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Best of Both Worlds
L. Jon Wertheim
December 10, 2001
Academics and athletics go hand in hand at the U.S. Olympic Education Center
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December 10, 2001

Best Of Both Worlds

Academics and athletics go hand in hand at the U.S. Olympic Education Center

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Napoleon Tested his soldiers' will by waking them at ungodly hours and ordering them to perform calisthenics. Al Mitchell goes one better. Mitchell, the boxing coach at the U.S. Olympic training site in Marquette, Mich., rouses his fighters five days a week at 5:30. A bone-deep chill lingers in the air most of the year as Mitchell sends his men on three-and four-mile runs along the banks of Lake Superior. Then, once his charges have showered and eaten breakfast, Mitchell makes sure that they attend their morning classes at Northern Michigan.

Mitchell's 18 boxers are among the 65 athletes training at the U.S. Olympic Education Center (USOEC). The only U.S. Olympic training site (the others are in Lake Placid, N.Y., Colorado Springs and San Diego) at which academics are mandatory, the USOEC is open to elite athletes in sports for which no college scholarships exist. "If you're a swimmer, a volleyball player or a freestyle wrestler, you can get a full ride and train for the Olympics at the same time you're getting your education," says Jeff Kleinschmidt, director of the USOEC. "But what happens when your sport is Greco-Roman wrestling, badminton or biathlon? Once upon a time, you had to choose between pursuing your Olympic dream or going to school. Now you don't."

Olympic aspirants training in Marquette receive free room and board at Northern Michigan. The athletes are charged tuition at the in-state rate of $4,400 per year, but some qualify for financial aid or the school picks up the tab. (For trainees who haven't graduated from high school, USOEC coaches go to probate court and become guardians, enabling those athletes to establish residency and attend Marquette Senior High.) Almost all the USOEC members live together on the third floor of a nondescript dorm, Meyland Hall. Otherwise, they are indistinguishable from Northern Michigan's 8,200 other undergrads, toting laptops and backpacks, cramming for midterms, complaining about the food in the dining hall.

"Too many athletes, boxers especially, get done competing and say, 'Now what?' " says Mitchell, whose fighters occupied four of the 12 spots on the 2000 Olympic team. "When you come here, even if you don't graduate, you get locked into a career path."

USOEC success stories abound. Cathy Turner, a two-time gold medalist in short-track speed skating, received a computer systems degree from Northern Michigan in 1991. Welterweight boxer Vernon Forrest graduated from Marquette Senior in '90 before competing in the Barcelona Games and then becoming the IBF champ. Andy Erickson was a pre-med major at Northern Michigan in '98 when he made the U.S. biathlon team for the Nagano Games. He's now attending the University of Minnesota School of Medicine.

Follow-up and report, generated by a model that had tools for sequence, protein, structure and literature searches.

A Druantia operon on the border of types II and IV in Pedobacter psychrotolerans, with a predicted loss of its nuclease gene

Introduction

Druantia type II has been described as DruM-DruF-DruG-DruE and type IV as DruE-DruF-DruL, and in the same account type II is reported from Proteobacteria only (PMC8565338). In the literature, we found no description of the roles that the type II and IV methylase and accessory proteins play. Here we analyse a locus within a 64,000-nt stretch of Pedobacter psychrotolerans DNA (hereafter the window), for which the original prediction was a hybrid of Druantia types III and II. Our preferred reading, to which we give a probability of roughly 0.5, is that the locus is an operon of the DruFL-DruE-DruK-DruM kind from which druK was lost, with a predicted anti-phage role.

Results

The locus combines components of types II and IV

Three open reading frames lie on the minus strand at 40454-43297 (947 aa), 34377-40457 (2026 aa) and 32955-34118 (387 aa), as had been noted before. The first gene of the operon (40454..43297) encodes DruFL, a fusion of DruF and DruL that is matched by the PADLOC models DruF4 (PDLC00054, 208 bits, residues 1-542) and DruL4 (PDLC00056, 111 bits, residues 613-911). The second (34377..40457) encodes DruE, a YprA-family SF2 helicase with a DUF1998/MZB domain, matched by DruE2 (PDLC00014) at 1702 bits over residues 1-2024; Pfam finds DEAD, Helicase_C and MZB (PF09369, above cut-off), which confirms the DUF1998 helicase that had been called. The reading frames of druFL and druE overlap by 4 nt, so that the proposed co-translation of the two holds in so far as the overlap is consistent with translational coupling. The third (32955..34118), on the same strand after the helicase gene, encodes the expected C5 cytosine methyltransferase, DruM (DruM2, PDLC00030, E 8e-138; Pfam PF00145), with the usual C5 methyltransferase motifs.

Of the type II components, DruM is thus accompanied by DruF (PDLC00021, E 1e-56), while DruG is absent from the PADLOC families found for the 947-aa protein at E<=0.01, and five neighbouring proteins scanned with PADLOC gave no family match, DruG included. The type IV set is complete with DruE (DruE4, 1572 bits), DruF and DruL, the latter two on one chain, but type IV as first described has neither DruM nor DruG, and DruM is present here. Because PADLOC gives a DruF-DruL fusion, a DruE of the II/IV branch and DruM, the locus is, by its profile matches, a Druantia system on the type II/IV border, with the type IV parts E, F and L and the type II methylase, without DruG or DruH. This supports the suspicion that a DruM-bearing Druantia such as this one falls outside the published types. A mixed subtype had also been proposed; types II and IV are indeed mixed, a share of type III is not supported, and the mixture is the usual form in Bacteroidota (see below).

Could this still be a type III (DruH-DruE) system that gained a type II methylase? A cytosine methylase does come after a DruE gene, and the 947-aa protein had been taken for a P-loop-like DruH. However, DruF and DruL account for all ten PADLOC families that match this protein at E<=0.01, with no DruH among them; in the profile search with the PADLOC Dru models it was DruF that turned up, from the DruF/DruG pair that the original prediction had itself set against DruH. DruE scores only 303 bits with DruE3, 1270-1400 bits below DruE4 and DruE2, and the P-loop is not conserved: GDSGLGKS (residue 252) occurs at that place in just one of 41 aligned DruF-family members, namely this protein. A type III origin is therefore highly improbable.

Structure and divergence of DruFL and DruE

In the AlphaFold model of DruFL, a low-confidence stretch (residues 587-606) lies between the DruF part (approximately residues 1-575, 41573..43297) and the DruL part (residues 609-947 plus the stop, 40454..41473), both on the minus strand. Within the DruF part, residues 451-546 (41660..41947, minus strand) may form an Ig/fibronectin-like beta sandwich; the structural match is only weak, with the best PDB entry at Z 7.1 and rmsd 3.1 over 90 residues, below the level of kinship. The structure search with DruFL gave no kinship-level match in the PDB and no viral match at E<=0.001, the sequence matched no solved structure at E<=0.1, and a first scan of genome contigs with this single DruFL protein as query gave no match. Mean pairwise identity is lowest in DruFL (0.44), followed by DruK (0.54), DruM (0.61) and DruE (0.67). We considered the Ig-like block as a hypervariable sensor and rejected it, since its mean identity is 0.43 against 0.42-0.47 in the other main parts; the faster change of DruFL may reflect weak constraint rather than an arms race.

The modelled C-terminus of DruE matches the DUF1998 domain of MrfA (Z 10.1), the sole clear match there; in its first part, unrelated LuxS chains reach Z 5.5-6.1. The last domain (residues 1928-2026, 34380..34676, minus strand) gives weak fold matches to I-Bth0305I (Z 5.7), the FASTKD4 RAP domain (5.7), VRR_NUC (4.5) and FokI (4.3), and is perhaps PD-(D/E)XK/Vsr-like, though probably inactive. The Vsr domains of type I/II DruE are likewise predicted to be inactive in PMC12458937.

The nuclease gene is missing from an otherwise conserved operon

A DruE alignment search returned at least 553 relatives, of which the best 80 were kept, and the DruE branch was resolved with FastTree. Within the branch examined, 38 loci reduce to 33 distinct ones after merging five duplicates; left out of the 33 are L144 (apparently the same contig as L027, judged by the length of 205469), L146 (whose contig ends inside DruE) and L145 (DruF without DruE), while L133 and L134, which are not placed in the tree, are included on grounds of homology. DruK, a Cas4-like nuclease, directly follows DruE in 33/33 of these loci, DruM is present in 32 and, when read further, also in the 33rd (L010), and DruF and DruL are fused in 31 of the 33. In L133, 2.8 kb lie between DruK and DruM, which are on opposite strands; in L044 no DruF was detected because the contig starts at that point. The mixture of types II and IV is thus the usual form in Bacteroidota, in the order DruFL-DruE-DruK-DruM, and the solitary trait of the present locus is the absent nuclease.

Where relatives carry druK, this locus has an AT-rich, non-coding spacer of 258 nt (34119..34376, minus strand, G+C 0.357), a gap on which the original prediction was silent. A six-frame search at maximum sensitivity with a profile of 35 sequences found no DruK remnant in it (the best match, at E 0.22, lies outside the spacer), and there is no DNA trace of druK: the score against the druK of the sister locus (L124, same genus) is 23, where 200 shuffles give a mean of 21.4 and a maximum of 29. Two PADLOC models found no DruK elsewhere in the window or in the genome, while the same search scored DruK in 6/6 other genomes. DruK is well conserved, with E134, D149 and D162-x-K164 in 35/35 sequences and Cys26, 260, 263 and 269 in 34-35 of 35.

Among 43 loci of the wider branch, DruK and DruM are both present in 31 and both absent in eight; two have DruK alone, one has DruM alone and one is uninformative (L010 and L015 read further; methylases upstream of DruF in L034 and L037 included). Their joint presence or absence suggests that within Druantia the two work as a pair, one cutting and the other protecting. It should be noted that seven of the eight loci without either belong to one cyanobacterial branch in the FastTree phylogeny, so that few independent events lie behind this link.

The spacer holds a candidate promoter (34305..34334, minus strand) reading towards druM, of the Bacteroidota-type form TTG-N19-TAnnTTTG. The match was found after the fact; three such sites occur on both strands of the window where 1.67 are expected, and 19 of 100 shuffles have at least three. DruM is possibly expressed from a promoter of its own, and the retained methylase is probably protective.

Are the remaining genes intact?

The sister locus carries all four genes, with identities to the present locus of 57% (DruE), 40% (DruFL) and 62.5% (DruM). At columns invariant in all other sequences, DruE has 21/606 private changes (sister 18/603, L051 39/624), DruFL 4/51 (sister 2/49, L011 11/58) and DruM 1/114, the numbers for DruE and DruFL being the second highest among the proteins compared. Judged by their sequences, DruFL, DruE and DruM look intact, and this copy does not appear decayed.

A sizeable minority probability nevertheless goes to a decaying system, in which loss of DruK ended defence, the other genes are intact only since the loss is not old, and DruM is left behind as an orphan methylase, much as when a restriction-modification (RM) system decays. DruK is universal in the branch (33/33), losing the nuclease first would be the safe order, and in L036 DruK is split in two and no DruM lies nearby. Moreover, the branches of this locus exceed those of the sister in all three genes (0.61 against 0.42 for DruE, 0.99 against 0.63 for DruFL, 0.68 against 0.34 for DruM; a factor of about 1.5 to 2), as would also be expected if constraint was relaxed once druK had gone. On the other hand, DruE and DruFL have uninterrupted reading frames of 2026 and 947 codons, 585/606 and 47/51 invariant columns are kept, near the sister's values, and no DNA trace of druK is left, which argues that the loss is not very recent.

The running one-liner at Northern Michigan is that the best athletes on campus can't compete in a Wildcats uniform. Beyond the $125,000 the university receives annually from the U.S. Olympic Committee toward athlete support, Northern Michigan benefits from its partnership in other ways. "The athletes who come through the USOEC help diversify the university," says school president Judi Bailey. "They also give us a niche. Not every school can say dozens of its students are Olympians."

For an athlete like Ron Biondo, a 20-year-old short-track speed skater expected to challenge for a medal in Salt Lake City, the USOEC is a blessing. A middle-class kid from suburban Cleveland, he had always planned to attend college. Now he can do so and train at a top-notch facility under Northern Michigan coach and former Olympian Scott Koons.

For others the transition is rockier. Roberto Benitez, a flyweight boxer from Brooklyn, enrolled at Marquette Senior five years ago when he was 16. Immediately he was struck by the cold weather, a campus and community that were overwhelmingly Caucasian, and social options that didn't extend far beyond the movie theater. "My mom knew to expect a call every night," he recalls. "It was a combination of culture shock and climate shock."

He endured both, and now he's practically a naturalized Yooper, as Upper Peninsulans proudly call themselves. "I've grown to appreciate the peacefulness here," says Benitez. "I will never get used to the cold, but it gets a little warmer each year." Having graduated from Marquette Senior in 1998, he's a Northern Michigan sophomore, majoring in general business and taking a full load of six courses this semester.

Stuffed schedules such as Benitez's render free time sparse. The other knock on the USOEC is that the required academics mean that athletes can't give their undivided attention to training, but this isn't necessarily bad. "When you train for the trials and for the Games, you get so consumed," says Brett Piper, a top U.S. biathlete and Northern Michigan sophomore. "Sometimes there's nothing better than a reading assignment to get your mind away from your sport for a few hours."

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